“Watchmen” by Trent Reznor, Atticus Ross

Who would have ever believed that Trent I Wanna Fuck You Like An Animal Reznor would one day score a Pixar movie? Not me, that’s for sure, even though I’m a big NIN fan and certainly know about the musical qualities of this man and his creative partner. But an animated film? One that is rooted in the Jazz genre? Even for the year 2020 that felt a little bit like fake news to me.

But it’s certainly true, thanks to the innovative thinking of Pete Docter, director and creative director of Pixar, who time and again has proven that he likes to push creative limits. So by the end of the year when Soul finally lands on Disney+, we’re gonna lay our ears on a Reznor/Ross Jazz score. According to this Collider interview, it was just a gut decision by Doctor and his team, but I don’t quite buy this casual attitude, especially with a company like Disney behind it.

Maybe there’s an entirely different Reznor/Ross project to “blame” for all of this?

I am of course talking about the limited HBO series Watchmen for which Reznor and Ross took over the composer’s duties and delivered a sprawling, three-part soundtrack set that effortlessly moves through the various genres.

From the typical electronic-industrial tapestry they are known for, to quiet ambient music, as well as spoken-word fragments taken from the show, to, indeed, atmospheric vintage jazz – complete with live instruments and husky female vocals.

It is a turn of events that one could only have guessed due to individual cues on scores such as Gone Girl. But not on this scale. And it may end up as a decisive change of direction for the duo. After all, this year we can also look forward to their score for the David Fincher period film Mank, for which, so they say, they’ve only utilized period appropriate instruments. Perhaps with ambitious projects like these, they’ll finally succeed in earning their long overdue recognition from the elitist circles of film music fans around.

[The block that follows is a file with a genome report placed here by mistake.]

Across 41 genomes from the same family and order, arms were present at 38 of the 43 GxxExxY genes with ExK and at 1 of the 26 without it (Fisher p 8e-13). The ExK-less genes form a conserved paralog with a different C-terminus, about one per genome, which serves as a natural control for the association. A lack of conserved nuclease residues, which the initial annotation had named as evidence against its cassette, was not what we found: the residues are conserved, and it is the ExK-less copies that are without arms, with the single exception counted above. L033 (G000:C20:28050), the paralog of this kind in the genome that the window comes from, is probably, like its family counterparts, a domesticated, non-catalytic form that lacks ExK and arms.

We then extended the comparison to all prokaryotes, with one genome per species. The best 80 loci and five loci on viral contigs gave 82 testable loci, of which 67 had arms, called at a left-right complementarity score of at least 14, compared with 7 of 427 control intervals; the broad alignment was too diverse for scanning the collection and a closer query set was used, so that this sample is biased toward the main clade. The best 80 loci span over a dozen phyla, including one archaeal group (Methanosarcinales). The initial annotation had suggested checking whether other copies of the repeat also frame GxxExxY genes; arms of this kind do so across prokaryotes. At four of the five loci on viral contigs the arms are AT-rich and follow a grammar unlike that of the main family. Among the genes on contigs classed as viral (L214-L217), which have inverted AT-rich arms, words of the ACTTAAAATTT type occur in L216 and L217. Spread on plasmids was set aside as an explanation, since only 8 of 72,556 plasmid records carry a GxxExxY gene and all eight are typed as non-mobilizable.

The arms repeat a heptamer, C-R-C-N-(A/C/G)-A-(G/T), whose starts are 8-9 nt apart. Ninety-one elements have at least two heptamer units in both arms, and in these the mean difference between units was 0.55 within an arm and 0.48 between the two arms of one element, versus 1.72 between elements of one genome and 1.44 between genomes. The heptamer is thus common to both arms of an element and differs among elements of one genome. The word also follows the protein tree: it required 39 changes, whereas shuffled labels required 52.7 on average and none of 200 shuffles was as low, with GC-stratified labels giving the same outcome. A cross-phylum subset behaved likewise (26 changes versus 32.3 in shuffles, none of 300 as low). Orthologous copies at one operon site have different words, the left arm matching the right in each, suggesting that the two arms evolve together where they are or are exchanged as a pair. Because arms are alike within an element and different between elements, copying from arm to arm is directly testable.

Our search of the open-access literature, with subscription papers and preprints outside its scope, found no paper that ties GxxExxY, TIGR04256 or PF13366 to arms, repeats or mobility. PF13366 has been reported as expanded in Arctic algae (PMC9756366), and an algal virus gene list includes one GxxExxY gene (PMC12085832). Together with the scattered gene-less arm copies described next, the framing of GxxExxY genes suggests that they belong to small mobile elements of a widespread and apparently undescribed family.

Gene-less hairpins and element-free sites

The art for all three volumes comes from American designer Corey Holms, who has quite an impressive portfolio under his belt. He came up with the logo treatment for the digital editions (#2 to #4), but more importantly he created the complete package design for all three physical vinyl releases (#5 to #7).

The fun aspect about those is that they were designed as in-world products taken out of the alternate reality of Watchmen. They’re disguised as a rock band album (Vol. 1), a soundtrack to an anthology series (Vol. 2) and, most interestingly, a long-lost studio album by The Nine Inch Nails (Vol. 03), which interweaves the original history of Trent Reznor’s very own band with the fictional reality of the show in a delightfully creative way. A real treat for any die-hard NIN fan out there.

You can check it out for yourself in these digital booklets below, which I created using scans that recently popped up on Reddit. Enjoy!

3 Comments

  1. I can’t understand how the Watchmen tv score hasn’t been released on CD yet- I imagine it would have been easy enough to combine the three volumes into a two-disc release. I held off buying the digital downloads for a physical release and I’m beginning to realise it seems its never going to happen. Which is really odd considering how successful the show and the music has been.

    For the record, I really did enjoy the HBO series despite my original misgivings, repeating my experience with the movie (I love the graphic novel, owning multiple copies at this point, but was convinced it’ll never be a good movie/it’ll never be a good series and hey, I was proven wrong on both counts). I’ve even bought the series on Blu-ray. I want to buy the soundtrack on CD.

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    1. I too have the graphic novel and the original movie adaptation on DVD, both as super super deluxe editions (I don’t know their actual name but they’re both massive!). But I doubt that there’ll be a CD release of the TV score. It seems like CDs are the new niche market. It’s either cheap (digital) or expensive (Vinyl) production costs. There’s no middle ground.

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  2. Anonymous

    Apparently, Reznor/Ross scores for ‚Soul‘ were only for „Soul World“ scenes. „Real World“ scenes were apparently scored by Jon Batiste.

    ‚Soul‘ definitely seems to be more of an „art-house“ animated film when compared to previous Pixar films.

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